I-35W freeway bridge collapsed
The I-35W freeway bridge collapsed into the Mississippi River during rush hour in Minneapolis, August 1, 2007. Photo credit: © TNS via ZUMA Wire

Infrastructure. The very word is as gray and crumbly as concrete. Though it means many things to many people, it often conjures images of torn-up sidewalks, bumpy roads with potholes, twitchy railroad tracks, and aging bridges on the verge of collapse that tremble when you blink. And beneath this aging surface, the hidden menace of ancient pipes carrying steam, raw sewage, natural gas, and other hazardous liquids just waiting for a chance to explode. 

To this hellish cauldron, add climate change effects — extreme heat, extreme cold, floods, hurricanes, fires, and oceans creeping closer to your home — combined with the fiendish surprises from nature, like sinkholes, tornadoes, and earthquakes. 

Top it all off with a black, smoke-filled image of your loved ones in a car under a collapsing railroad bridge carrying a “bomb” train with highly flammable crude oil.

Terrorists who want to see America destroyed should just be patient.

For specifics, check out why the American Society of Civil Engineers (ASCE) gave this country’s infrastructure a grade of D+. (And to see if you are living near tracks that carry bomb trains, go here.) The ASCE report is its latest, but it is from 2017. Since then, some things have gotten better, and some have gotten worse. 

It would be much more fun (yes, “fun”) to learn about all these horrors — from John Oliver. Nobody explains anything better than Oliver. He will leave you laughing and crying, and maybe plotting to get even with those responsible. 

John Oliver (21:13) 2015

Next, we present a mesmerizing video of the August 1, 2007, collapse of a major bridge in Minneapolis, MN. As you watch this story unfold, bear in mind that, of the over 600,000 bridges in the US, one in 30 is built like this one, that is, “fracture-critical,” which means that if one critical piece were to fail, the entire bridge could collapse.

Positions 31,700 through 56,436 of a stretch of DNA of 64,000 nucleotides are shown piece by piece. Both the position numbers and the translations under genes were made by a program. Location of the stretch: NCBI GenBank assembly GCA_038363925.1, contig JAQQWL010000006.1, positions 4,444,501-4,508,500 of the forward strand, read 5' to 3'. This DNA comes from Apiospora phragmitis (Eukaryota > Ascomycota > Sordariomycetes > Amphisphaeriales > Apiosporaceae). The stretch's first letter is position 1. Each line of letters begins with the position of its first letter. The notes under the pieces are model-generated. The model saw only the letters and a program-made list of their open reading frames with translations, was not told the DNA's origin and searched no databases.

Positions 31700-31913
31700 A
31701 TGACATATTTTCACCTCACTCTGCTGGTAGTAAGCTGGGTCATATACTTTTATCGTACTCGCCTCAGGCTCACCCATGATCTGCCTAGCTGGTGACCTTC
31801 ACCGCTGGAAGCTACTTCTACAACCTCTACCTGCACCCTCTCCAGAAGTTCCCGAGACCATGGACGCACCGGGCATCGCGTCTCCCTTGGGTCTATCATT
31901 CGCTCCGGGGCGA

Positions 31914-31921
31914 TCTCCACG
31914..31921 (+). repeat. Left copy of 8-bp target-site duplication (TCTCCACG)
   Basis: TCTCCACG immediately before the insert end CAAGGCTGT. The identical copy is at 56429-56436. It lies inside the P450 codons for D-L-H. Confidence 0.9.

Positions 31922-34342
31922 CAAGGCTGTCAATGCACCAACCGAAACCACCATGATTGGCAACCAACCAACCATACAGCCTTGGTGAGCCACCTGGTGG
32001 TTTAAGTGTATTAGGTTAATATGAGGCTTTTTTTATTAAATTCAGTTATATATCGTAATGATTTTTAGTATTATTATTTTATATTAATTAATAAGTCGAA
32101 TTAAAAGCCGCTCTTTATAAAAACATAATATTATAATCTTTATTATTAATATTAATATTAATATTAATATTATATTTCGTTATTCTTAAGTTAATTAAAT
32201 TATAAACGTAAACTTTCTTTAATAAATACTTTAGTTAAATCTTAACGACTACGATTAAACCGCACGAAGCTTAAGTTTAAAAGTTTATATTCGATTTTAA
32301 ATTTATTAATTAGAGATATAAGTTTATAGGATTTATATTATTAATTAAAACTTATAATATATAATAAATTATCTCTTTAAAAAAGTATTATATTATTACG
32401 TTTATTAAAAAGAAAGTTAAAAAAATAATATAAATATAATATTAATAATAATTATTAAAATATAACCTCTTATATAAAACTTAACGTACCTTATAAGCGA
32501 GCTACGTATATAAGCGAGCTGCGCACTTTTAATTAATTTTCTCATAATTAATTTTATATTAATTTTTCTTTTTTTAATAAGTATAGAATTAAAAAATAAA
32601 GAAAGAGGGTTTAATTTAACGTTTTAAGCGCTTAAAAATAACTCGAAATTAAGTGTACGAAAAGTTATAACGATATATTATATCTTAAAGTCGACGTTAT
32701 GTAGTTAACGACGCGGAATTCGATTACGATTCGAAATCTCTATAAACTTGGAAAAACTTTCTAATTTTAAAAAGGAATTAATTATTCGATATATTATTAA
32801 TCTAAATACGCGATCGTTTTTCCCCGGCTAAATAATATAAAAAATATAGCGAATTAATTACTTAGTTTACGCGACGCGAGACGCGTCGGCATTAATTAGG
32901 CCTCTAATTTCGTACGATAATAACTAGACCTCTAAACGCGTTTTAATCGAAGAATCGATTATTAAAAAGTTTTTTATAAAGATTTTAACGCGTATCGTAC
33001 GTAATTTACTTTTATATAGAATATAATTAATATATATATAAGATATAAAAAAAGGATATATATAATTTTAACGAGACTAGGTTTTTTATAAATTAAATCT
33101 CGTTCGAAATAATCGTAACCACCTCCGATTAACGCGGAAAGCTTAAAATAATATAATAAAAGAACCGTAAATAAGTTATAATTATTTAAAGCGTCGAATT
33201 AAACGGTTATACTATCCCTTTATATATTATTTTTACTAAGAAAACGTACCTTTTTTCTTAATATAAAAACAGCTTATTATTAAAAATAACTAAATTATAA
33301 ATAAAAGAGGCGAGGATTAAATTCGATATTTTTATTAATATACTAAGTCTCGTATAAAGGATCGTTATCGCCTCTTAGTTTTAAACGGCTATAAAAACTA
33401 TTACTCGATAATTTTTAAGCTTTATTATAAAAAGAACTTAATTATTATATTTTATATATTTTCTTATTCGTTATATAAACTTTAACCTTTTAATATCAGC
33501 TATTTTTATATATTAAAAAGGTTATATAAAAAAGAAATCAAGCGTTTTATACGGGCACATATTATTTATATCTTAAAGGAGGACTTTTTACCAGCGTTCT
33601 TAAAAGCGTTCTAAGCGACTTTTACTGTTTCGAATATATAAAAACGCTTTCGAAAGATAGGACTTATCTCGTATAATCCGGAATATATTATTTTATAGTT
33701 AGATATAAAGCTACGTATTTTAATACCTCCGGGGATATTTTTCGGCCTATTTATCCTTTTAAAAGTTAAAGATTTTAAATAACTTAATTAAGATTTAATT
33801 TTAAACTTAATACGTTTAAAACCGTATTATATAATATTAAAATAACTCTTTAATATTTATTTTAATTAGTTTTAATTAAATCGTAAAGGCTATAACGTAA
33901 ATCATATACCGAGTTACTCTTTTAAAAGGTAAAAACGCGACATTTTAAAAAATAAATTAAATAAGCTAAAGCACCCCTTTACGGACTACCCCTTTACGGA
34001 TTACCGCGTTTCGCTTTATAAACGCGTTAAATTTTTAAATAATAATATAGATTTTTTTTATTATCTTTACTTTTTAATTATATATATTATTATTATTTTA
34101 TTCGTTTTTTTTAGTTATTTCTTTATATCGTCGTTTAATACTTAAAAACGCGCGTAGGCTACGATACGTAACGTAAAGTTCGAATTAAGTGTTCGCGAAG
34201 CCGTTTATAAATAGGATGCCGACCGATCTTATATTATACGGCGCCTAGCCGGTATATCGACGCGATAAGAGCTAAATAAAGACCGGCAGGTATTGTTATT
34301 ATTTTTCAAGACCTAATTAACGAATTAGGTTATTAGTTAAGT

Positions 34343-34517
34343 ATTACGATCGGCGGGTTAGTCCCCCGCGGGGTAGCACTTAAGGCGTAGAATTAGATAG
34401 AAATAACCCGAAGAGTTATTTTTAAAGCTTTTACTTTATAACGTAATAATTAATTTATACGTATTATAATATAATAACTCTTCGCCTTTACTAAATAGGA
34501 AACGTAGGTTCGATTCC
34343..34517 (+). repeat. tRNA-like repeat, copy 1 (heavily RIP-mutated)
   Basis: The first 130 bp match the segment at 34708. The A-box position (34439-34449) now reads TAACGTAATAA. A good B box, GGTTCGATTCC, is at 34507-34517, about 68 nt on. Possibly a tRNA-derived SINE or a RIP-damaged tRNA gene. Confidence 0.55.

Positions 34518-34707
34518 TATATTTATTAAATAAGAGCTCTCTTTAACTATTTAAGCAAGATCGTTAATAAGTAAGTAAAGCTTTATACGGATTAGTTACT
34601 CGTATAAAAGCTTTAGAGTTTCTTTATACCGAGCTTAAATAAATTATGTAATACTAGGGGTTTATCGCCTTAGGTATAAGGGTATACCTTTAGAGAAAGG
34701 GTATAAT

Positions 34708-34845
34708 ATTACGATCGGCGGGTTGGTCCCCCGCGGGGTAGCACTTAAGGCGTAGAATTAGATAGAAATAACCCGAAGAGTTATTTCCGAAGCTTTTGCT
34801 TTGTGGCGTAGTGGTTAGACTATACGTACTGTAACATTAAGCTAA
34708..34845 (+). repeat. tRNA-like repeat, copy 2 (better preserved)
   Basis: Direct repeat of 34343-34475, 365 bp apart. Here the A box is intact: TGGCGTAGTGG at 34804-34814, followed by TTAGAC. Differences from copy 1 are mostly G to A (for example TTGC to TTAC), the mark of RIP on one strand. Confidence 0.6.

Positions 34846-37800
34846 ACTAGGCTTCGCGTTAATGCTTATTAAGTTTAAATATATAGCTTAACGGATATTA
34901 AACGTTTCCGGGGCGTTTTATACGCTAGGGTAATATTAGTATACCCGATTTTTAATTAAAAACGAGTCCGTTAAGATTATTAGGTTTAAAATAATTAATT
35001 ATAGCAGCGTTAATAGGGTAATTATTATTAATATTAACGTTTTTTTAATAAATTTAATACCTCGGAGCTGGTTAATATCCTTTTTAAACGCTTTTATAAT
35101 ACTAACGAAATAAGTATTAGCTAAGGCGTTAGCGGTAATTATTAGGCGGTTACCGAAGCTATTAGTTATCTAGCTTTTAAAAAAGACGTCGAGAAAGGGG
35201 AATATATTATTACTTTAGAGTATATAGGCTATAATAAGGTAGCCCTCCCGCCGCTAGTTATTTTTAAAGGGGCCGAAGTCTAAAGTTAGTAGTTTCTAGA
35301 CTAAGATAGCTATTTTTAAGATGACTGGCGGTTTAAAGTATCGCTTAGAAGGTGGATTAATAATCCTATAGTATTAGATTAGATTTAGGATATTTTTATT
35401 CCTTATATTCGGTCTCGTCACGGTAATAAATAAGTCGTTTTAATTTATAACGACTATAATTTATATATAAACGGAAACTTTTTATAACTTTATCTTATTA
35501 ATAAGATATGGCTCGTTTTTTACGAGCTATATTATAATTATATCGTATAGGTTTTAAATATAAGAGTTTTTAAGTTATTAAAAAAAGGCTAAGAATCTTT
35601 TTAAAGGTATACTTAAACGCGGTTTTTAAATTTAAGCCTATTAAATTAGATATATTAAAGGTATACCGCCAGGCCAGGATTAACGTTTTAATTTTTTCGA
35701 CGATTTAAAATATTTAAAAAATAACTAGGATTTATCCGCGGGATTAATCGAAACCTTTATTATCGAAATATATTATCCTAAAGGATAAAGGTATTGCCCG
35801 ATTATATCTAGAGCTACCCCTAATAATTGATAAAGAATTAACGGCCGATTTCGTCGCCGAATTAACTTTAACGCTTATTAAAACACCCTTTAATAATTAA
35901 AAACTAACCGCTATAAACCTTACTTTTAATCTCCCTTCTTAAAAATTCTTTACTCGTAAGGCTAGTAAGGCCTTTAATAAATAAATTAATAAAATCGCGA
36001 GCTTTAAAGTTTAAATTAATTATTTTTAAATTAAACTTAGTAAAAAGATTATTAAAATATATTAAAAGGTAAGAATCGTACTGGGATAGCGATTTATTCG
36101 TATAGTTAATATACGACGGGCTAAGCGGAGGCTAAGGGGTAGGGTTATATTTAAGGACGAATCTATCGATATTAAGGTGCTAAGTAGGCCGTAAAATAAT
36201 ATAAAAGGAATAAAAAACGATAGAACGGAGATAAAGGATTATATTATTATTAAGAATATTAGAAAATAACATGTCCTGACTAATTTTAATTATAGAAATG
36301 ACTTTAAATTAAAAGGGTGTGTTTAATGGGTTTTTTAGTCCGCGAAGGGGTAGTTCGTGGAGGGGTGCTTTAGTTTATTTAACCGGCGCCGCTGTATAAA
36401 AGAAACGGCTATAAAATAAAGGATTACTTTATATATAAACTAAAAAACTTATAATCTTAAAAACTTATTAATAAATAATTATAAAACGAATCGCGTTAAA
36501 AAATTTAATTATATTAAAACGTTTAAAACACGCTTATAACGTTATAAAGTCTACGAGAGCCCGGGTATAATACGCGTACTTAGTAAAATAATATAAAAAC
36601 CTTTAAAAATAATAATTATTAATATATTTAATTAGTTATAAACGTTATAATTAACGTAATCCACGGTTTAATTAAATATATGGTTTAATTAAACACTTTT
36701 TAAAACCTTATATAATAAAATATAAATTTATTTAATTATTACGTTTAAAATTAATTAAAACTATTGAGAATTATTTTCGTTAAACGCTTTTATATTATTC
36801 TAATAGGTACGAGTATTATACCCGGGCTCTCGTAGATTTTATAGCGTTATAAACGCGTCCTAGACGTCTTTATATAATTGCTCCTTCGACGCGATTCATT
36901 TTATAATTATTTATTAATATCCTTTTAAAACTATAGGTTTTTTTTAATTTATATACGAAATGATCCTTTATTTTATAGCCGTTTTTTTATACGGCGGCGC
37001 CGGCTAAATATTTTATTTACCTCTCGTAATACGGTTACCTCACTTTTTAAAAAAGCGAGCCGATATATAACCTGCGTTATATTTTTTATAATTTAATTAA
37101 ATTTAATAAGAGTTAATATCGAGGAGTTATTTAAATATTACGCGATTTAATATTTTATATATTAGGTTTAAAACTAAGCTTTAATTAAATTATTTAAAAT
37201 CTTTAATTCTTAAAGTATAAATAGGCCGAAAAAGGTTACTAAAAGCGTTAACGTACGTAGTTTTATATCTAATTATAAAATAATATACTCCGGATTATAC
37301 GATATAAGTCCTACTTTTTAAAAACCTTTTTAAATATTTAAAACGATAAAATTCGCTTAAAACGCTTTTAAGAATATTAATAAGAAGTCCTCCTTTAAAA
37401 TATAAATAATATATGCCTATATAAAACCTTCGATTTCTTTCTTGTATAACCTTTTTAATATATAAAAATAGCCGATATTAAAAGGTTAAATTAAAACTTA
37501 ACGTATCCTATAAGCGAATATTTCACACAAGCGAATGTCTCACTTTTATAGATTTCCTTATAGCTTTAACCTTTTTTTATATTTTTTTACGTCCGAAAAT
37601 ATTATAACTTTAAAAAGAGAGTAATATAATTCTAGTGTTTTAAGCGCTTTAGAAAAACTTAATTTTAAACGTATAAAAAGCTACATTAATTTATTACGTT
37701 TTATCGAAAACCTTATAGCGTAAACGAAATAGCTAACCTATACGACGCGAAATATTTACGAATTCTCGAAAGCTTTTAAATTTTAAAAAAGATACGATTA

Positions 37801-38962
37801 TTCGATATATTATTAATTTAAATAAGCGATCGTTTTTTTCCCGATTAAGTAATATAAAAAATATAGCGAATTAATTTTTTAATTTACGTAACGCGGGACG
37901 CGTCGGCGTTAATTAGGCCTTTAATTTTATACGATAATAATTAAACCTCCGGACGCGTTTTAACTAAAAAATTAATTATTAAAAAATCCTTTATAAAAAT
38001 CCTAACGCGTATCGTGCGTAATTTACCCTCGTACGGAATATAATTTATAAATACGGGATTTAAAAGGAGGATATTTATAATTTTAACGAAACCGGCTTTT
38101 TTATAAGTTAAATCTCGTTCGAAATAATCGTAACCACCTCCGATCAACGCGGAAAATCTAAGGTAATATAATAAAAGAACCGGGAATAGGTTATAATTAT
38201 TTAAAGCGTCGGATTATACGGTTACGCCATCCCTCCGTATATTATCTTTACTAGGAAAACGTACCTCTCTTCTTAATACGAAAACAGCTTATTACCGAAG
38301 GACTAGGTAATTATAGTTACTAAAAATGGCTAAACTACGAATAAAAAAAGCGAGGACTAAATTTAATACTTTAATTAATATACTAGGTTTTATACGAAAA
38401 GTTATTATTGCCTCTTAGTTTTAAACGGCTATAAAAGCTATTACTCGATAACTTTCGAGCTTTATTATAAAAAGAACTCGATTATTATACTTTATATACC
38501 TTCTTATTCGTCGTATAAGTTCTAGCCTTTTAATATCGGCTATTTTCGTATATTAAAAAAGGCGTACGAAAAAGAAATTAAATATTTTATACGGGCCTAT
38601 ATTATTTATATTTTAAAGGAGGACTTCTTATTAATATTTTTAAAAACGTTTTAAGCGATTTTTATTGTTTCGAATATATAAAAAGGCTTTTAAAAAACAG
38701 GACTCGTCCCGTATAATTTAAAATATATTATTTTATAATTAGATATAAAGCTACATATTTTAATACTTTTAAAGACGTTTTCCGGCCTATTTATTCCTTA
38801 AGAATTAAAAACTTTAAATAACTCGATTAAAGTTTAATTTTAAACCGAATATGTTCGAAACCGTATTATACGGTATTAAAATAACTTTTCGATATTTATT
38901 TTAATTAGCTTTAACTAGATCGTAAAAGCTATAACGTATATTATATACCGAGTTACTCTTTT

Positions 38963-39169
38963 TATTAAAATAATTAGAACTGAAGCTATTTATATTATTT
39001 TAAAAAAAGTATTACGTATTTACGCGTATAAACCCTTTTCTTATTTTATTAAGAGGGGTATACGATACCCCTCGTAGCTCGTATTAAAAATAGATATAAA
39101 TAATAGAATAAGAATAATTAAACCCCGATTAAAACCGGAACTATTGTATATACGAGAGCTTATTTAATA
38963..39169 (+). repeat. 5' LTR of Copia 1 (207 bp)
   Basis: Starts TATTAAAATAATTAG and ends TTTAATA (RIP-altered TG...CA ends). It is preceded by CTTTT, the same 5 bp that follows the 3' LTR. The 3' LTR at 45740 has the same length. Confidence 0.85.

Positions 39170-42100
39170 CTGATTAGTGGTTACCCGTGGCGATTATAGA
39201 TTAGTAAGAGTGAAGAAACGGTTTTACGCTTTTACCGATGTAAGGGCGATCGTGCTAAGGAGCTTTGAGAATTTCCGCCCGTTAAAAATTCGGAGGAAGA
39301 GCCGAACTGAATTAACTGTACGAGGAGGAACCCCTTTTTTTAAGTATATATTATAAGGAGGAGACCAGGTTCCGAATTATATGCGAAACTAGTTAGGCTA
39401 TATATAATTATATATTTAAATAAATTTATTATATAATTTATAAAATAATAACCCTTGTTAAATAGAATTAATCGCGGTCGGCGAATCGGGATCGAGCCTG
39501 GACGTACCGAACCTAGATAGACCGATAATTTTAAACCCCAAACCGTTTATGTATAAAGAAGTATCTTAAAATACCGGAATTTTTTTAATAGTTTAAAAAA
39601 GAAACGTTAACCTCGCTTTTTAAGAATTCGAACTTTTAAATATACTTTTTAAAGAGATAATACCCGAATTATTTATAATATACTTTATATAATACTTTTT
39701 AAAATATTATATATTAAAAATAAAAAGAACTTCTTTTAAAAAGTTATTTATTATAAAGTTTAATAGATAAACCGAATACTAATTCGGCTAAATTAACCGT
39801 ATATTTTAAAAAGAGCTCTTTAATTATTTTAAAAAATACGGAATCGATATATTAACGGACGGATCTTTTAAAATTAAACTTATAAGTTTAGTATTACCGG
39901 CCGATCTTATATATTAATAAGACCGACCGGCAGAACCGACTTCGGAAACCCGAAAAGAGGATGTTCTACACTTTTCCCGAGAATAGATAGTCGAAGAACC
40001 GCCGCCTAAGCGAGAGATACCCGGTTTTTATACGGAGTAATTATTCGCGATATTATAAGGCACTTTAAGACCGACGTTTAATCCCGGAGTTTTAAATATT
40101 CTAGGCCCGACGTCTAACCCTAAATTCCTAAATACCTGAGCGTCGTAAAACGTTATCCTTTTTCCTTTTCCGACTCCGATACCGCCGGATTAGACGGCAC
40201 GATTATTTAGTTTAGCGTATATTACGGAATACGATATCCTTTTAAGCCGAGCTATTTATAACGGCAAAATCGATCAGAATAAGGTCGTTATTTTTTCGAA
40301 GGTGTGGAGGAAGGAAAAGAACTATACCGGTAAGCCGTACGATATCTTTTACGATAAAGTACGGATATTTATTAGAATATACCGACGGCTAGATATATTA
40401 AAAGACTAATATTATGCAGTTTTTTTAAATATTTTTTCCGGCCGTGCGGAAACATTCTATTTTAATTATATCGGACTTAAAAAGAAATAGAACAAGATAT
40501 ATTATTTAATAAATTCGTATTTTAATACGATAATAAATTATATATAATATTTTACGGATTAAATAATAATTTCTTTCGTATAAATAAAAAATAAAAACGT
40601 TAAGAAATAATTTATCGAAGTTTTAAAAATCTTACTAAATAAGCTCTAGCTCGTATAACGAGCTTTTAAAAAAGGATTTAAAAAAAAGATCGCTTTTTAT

When a Bridge Falls: Disaster in Minneapolis (9:56)

Below is a small collection of yet more videos on this dangerous and chronic situation in America. 

60 Minutes Investigates Risky Infrastructure (4:56)

Amtrak Chief Talks Infrastructure with 60 Minutes (8:52)

US Bridges in Danger of Collapse

CCTV Footage Shows Moment Florida Bridge Collapses (1:54)

The Crude Gamble of Oil by Rail: Bomb Trains (23:29)

Related front page panorama photo credit: Adapted by WhoWhatWhy from Martha T / Wikimedia (CC BY 2.0).


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1 year ago

We get the State our private sector masters allow us.
Since Reagan, the financial sector and business generally have been empowered. If they haven’t corrupted the State essentially completely, the State has surrendered to them. The overpowering rules are that the State is not allowed to do anything that would cost our masters even a cent. The primary role of the State is to protect if not enrich established businesses.
No need to do anything about climate change; doesn’t effect our masters enough for them to make any sacrifice.
For them, an extractive economy, the hollowing out of the economy, obviously is not a problem.
The classic example — the military industrial complex.
The initial solution is that we do have some power electorally to push back. But apparently bothering to vote and knowing what to vote for is too much for the majority of the electorate.

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